jackanapes was our Word of the Day on 03/24/2015. Hear the podcast!
Theme music by Joshua Stamper ©2006 New Jerusalem Music/ASCAP
Did You Know?
William de la Pole, the Duke of Suffolk, was a well-regarded soldier and commander during the Hundred Years' War. It was during his dukedom (1448-1450), however, that England lost its possessions in northern France, and his popularity consequently suffered. The coat of arms for de la Pole's family sported an image of a collar and chain that, at the time, was commonly used for leashing pet monkeys, then known as "jackanapes" (a word whose precise origin is uncertain). By association, people gave the Duke the nickname "Jack Napis," and soon "jackanapes" took on a life of its own as a word for an impudent person and, later, a misbehaving child.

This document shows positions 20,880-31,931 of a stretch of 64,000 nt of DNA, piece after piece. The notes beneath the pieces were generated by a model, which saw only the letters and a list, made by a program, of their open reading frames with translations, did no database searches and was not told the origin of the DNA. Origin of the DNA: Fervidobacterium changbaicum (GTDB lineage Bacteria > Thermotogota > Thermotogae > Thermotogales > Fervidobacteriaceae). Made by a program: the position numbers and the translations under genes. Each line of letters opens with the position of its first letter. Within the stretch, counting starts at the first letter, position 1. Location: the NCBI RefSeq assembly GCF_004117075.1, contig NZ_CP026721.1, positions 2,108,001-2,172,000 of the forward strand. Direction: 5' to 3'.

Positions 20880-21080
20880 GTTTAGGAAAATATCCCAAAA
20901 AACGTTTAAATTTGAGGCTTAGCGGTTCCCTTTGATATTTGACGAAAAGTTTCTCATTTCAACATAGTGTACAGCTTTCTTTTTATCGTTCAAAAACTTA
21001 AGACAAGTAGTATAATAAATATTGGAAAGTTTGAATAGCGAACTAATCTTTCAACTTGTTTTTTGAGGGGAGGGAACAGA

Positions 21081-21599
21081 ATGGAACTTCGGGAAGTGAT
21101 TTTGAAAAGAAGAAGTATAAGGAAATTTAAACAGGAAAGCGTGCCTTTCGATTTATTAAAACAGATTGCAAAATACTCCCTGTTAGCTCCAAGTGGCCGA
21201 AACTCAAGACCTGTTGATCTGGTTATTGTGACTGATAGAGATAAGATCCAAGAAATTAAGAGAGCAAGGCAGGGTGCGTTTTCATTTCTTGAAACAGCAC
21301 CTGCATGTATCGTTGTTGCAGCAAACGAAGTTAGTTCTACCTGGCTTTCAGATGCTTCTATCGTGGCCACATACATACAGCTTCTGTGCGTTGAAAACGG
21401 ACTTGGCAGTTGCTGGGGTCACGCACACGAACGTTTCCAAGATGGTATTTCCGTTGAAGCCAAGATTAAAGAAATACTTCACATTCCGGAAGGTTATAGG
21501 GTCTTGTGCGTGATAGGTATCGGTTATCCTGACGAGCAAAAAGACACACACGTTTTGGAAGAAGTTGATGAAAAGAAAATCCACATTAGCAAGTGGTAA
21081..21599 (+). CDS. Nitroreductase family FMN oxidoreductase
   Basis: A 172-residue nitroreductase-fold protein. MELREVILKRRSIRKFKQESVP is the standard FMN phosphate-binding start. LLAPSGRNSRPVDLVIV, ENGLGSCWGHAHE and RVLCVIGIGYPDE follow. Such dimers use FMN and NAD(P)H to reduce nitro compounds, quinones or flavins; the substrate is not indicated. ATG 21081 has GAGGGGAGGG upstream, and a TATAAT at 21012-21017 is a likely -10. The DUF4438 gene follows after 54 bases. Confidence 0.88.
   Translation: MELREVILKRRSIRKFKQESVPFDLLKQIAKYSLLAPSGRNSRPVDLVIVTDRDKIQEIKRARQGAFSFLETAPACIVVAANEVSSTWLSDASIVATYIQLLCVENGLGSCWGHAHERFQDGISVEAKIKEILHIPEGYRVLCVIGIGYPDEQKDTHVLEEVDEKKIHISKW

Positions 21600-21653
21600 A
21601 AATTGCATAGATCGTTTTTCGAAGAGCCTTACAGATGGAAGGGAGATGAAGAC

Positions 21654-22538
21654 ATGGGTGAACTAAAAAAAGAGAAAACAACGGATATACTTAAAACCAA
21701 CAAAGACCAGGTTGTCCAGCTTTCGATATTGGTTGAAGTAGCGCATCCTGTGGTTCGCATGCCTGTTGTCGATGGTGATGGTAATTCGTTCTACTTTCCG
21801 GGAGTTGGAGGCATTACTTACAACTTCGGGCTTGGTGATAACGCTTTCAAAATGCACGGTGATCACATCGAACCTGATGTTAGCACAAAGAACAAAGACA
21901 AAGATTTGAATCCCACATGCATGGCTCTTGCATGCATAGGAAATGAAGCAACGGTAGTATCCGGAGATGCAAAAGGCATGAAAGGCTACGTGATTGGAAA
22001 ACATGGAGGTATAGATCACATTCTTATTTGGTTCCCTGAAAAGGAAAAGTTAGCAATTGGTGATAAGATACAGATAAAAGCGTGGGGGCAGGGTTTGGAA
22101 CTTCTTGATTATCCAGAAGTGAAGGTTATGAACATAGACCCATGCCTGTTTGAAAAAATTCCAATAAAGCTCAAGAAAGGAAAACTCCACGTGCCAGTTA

Origin and Etymology of jackanapes
Middle English Jack Napis, nickname for William de la Pole †1450 duke of Suffolk
First Known Use: 1526See Words from the same year
Seen and Heard
What made you want to look up jackanapes? Please tell us where you read or heard it (including the quote, if possible).